The First Minister’s recent visit to Dublin highlighted Scotland’s growing political, cultural and business links with our European partners.
Nicola Sturgeon reflected on Scotland and Ireland’s long shared history, and called for existing bonds to be ‘strengthened not strained’ as the UK prepares for Brexit.
Good morning from Dublin. Busy day ahead – business and culture meetings, media interviews and discussions with @LeoVaradkar – all with a massive post EU election smile!
— Nicola Sturgeon (@NicolaSturgeon) May 27, 2019
The visit came the day after European Elections, where the SNP won a historic victory and Scotland sent a clear, resounding message – Scotland’s for Europe.
The First Minister met with the Irish Taoiseach and hosted an investment round table with the Irish business organisation IBEC. Ireland is Scotland’s closest international trading partner with exports worth £1.5 billion in 2017.
She said, “Whatever happens with Brexit, we will not allow it to damage our relationship with our closest partners and friends, and we will continue to encourage trade, inward investment and international cultural collaboration.”
An Taoiseach and First Minister will discuss the latest political developments in the wake of the European elections, the latest #Brexit developments and reflect on the strength of the relationship between Ireland and Scotland and consider opportunities for further development. pic.twitter.com/DWHQ6WWd2U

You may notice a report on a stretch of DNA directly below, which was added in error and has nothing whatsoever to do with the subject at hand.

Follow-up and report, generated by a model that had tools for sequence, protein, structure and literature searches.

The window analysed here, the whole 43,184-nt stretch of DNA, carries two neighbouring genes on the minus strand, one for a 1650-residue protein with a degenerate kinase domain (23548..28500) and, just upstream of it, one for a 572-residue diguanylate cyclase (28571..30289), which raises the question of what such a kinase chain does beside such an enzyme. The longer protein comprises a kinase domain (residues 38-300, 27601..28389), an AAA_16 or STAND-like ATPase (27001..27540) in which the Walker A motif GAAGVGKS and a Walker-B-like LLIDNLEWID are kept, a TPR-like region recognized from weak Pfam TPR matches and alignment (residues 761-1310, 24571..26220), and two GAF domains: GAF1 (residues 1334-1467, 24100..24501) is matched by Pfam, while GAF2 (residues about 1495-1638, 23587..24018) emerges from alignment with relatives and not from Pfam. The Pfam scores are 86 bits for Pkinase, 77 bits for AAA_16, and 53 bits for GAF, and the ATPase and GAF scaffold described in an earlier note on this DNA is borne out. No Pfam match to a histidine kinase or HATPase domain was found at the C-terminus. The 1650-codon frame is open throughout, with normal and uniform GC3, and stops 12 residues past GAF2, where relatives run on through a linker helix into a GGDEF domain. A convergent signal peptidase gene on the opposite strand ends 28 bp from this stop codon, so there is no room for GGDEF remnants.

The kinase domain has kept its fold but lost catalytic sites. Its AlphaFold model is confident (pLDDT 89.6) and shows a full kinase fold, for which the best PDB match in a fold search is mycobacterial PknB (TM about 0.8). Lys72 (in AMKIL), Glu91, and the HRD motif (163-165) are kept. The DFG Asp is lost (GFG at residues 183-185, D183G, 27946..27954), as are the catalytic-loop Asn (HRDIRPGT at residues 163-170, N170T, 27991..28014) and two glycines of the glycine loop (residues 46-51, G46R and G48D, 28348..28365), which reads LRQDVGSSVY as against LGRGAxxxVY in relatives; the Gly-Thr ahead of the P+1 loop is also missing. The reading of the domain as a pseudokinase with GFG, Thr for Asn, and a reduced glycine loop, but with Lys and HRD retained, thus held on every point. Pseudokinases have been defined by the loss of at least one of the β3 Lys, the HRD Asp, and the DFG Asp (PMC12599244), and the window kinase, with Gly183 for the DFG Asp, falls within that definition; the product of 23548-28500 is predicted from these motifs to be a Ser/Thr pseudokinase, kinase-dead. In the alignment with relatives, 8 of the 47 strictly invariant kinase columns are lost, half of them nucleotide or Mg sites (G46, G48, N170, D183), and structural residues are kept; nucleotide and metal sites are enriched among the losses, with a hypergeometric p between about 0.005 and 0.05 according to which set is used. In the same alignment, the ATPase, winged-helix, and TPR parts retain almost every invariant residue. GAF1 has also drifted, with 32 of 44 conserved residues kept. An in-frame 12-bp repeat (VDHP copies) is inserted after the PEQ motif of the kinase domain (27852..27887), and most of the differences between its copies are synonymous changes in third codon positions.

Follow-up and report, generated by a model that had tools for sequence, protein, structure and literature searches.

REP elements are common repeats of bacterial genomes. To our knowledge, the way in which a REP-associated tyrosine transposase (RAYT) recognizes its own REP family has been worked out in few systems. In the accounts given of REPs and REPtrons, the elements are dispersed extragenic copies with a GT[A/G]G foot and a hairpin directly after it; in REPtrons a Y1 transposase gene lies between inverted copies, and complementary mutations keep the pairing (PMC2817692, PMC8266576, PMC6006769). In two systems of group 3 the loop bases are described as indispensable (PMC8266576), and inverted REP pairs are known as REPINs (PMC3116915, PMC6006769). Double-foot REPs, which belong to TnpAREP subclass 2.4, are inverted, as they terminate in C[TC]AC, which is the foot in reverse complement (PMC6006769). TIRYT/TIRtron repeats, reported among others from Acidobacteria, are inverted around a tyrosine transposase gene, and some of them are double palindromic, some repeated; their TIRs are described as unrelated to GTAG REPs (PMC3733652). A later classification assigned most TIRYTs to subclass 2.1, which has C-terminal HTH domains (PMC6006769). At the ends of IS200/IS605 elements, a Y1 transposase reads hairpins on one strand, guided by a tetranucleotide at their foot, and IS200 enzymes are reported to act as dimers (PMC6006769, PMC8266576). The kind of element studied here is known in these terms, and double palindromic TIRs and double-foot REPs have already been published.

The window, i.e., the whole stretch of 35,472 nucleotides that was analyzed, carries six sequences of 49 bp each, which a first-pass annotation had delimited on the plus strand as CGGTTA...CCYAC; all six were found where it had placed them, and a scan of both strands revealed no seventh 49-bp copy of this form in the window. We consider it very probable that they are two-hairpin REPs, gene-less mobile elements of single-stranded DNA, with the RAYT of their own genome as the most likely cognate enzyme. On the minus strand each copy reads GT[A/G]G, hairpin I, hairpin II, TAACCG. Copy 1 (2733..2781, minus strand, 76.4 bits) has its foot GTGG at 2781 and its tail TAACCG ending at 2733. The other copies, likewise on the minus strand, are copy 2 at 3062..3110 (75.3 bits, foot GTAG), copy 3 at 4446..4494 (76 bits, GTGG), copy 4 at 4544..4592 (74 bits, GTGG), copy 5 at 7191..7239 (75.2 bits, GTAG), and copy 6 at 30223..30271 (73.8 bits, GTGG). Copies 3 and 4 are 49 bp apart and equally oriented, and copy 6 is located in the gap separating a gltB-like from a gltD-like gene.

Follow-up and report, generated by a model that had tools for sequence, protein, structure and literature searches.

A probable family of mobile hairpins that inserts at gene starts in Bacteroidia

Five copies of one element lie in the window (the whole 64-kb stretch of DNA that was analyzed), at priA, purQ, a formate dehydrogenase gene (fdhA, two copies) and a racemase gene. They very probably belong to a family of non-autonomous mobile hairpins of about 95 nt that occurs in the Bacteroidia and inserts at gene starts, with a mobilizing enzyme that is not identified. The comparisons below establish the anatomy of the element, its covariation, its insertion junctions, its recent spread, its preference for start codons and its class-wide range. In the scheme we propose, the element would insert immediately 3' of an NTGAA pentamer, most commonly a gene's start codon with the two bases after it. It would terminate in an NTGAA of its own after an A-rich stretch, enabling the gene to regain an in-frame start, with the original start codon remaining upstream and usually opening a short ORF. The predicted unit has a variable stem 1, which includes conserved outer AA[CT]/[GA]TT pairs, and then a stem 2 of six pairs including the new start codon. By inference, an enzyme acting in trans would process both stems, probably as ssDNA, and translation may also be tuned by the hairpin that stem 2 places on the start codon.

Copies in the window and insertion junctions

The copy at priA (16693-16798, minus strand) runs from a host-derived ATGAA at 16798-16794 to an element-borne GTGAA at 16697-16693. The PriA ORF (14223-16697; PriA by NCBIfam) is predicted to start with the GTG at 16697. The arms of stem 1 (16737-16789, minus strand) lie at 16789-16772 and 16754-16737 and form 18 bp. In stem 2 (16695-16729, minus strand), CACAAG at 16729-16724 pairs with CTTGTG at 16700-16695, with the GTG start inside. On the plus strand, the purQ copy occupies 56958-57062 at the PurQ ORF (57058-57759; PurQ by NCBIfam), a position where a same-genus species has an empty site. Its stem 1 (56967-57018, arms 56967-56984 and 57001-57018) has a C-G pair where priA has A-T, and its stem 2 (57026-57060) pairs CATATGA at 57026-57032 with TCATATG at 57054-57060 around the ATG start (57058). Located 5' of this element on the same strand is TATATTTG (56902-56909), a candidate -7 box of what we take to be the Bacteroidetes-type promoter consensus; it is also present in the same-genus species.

— MerrionStreet.ie (@merrionstreet) May 27, 2019
For people in Scotland, Ireland stands as an example of the importance of small, independent nations representing their own interests in Europe. As the prospect of a No Deal Brexit looms closer, Scotland must be given a choice on taking its own seat at the top table.
During the visit to Dublin, the First Minister said an independence referendum should take place in the latter half of 2020.
She said: “There will be another Scottish independence referendum and I will make a prediction today that Scotland will vote for independence and we will become an independent country just like Ireland, and the strong relationship between our two countries now will become even stronger soon.
“I want to see Scotland having the choice of independence within this term of the Scottish Parliament, which ends in May 2021, so towards the latter half of next year would be when I think is the right time for that choice.
“Scotland has been treated with contempt by Westminster and people are contrasting that with Ireland, that has been shown real solidarity and support from the European Union.”
— First Minister (@ScotGovFM) May 28, 2019